So how to protect this kind of thinking, because I’ll tell you, Naturalist became anxious and depressed when she had to write. She grew tired of getting back ‘zero’s’ on her spelling tests, and low grades on her homework for misspellings, lack of punctuation, and very little form to her sentences. She began to shut down at school, and would rather get yelled at for not doing an assignment than trying 1,110 percent and getting it back marked up with red corrections and a low grade.
However, at home she was a very expressive kid. She was always writing me poems, notes, and stories. I was so tired of working with her on her homework, that when she did stuff at home (full of errors!) I didn’t have the heart or energy to correct her. So, I just let her create without saying anything about the technical parts of writing.
When we stopped public school and started homeschooling, we followed a curriculum for writing (since I felt I had to get her to ‘catch up’ with all the other normal kids she was so far behind, right?! right?! It makes sense!). I drilled and tested and tried to force her to learn all the spelling and punctuation rules.
It didn’t take long before I realized that she had stopped all forms of writing…even the illustrated poems that I loved so much.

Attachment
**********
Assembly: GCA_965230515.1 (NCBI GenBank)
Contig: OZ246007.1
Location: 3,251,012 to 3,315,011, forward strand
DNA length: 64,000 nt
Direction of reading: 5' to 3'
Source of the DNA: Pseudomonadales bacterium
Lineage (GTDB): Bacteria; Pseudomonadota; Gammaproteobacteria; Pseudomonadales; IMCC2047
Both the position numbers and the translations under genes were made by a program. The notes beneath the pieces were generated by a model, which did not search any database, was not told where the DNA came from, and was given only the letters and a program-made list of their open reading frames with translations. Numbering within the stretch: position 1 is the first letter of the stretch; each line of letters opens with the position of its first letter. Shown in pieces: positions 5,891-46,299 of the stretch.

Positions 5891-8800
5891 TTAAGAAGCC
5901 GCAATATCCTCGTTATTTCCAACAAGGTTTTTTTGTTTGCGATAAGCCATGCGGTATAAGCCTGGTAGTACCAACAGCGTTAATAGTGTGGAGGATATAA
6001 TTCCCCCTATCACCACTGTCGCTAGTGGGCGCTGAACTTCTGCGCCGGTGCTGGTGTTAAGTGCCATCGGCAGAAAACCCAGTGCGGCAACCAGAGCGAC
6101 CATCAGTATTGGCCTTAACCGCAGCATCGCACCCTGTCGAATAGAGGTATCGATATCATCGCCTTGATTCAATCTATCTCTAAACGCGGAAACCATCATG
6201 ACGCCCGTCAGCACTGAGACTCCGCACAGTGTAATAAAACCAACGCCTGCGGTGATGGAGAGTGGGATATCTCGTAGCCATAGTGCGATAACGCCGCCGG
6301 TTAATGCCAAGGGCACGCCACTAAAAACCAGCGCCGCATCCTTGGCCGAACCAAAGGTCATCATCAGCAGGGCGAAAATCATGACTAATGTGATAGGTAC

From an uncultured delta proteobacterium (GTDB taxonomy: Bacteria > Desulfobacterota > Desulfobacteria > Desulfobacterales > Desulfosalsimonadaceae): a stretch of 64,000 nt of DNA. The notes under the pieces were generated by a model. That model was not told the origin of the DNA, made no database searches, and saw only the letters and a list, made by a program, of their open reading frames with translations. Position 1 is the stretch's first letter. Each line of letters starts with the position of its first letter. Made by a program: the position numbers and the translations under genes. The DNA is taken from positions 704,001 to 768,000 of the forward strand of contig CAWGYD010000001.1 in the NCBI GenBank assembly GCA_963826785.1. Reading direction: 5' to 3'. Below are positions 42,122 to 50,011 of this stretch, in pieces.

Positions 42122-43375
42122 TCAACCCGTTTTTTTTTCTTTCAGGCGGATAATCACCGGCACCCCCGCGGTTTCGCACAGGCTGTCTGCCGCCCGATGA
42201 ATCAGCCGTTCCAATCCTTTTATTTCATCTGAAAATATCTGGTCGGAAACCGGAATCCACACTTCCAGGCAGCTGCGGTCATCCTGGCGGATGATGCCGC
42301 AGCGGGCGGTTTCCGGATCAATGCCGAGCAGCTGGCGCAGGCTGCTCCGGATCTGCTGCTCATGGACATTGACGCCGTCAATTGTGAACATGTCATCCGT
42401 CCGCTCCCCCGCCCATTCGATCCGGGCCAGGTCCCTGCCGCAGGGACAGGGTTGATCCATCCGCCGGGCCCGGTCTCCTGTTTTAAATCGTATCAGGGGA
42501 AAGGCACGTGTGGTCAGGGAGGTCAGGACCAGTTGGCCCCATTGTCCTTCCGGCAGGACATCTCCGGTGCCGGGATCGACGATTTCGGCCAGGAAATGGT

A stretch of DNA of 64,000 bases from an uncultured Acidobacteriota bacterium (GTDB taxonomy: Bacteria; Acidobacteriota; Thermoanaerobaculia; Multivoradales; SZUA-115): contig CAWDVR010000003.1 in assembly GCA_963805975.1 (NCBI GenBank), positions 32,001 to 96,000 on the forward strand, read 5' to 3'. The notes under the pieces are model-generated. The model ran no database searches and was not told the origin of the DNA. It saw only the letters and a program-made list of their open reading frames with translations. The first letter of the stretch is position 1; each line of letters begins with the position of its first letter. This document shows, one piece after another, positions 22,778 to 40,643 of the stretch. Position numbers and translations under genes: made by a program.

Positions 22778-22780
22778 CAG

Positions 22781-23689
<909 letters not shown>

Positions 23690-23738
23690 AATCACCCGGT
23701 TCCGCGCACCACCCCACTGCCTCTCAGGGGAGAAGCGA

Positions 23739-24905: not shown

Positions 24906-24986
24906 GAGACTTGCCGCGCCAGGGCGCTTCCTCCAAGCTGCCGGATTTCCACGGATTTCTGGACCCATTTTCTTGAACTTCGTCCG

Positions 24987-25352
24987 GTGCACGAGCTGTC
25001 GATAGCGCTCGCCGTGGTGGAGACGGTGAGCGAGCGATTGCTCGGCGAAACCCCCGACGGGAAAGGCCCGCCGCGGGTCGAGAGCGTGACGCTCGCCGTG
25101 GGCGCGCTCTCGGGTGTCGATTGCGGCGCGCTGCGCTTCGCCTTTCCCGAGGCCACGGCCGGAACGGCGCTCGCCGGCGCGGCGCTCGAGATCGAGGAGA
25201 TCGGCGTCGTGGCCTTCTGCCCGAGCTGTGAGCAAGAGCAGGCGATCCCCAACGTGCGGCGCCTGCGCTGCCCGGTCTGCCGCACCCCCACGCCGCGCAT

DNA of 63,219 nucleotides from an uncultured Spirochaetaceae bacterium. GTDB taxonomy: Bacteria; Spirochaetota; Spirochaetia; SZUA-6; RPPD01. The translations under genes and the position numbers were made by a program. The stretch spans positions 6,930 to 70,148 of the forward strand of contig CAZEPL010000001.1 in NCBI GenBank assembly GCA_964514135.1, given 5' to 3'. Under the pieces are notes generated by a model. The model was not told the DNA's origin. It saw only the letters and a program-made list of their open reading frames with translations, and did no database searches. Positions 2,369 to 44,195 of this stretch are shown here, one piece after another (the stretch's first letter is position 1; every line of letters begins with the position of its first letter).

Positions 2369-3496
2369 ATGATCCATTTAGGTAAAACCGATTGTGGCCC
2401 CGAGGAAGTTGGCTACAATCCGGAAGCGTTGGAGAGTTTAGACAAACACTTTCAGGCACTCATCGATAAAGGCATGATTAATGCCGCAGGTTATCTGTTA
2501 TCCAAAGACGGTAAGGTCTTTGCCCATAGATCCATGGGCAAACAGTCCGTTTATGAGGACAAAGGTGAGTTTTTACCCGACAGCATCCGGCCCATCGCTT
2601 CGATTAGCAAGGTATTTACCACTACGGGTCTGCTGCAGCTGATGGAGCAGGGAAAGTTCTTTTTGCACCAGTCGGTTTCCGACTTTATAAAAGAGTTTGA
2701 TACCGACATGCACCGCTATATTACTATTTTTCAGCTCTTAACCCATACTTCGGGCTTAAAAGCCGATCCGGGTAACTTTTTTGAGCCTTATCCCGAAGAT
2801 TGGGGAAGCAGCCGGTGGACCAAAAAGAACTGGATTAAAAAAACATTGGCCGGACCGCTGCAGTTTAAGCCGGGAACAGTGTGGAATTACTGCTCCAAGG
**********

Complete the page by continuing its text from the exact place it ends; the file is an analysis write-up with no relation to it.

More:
When we started unschooling, the writing lessons were the first to go. Slowly, her writing passion returned. Like so much about these kids I noticed a dual nature to her. I realized that while her visual thinking made the act of writing extremely difficult, it also had the opposite affect and made her a fantastic author. For the past 2 years, she spends the time at night when she’s awake while everyone else is asleep (also another indicator of an OOTBThinker…wacky internal clock) writing fiction. She’s written hundreds and hundreds of pages of fiction by this point. Currently, she has a story that has taken on a life of its own, and she writes probably 4-5 hours a day, plus whatever she writes at night. It’s a novel. She prints off the Chapters for Todd and I to read as she finishes them.
Her spelling? horrible. Sentence structure? a little better, but still shaky. Paragraph form? not so good.
But the story? the characters? the development of the world in the book? Amazingly detailed, descriptive, and amazing. The worlds she sees in her minds eye are incredible, and the beauty she shares in them sometimes makes me cry….simply because I remember a time when she was so traumatized she never wanted to pick up a pencil again. All this expression would have been lost. Lost! And why? Because of spelling? rules? What a waste.
If it’s a question between expressing thought and feeling, or proper technical writing, always err on the side of expression. Whether in public school, homeschool, or whatever, protect your child’s freedom of expression. Work with the teacher or with yourself to give grades that can allow the technical, tricky parts not to count. It is a shame when these kids are silenced from sharing their own beautiful dance with words because rules, forms and conventions get in the way.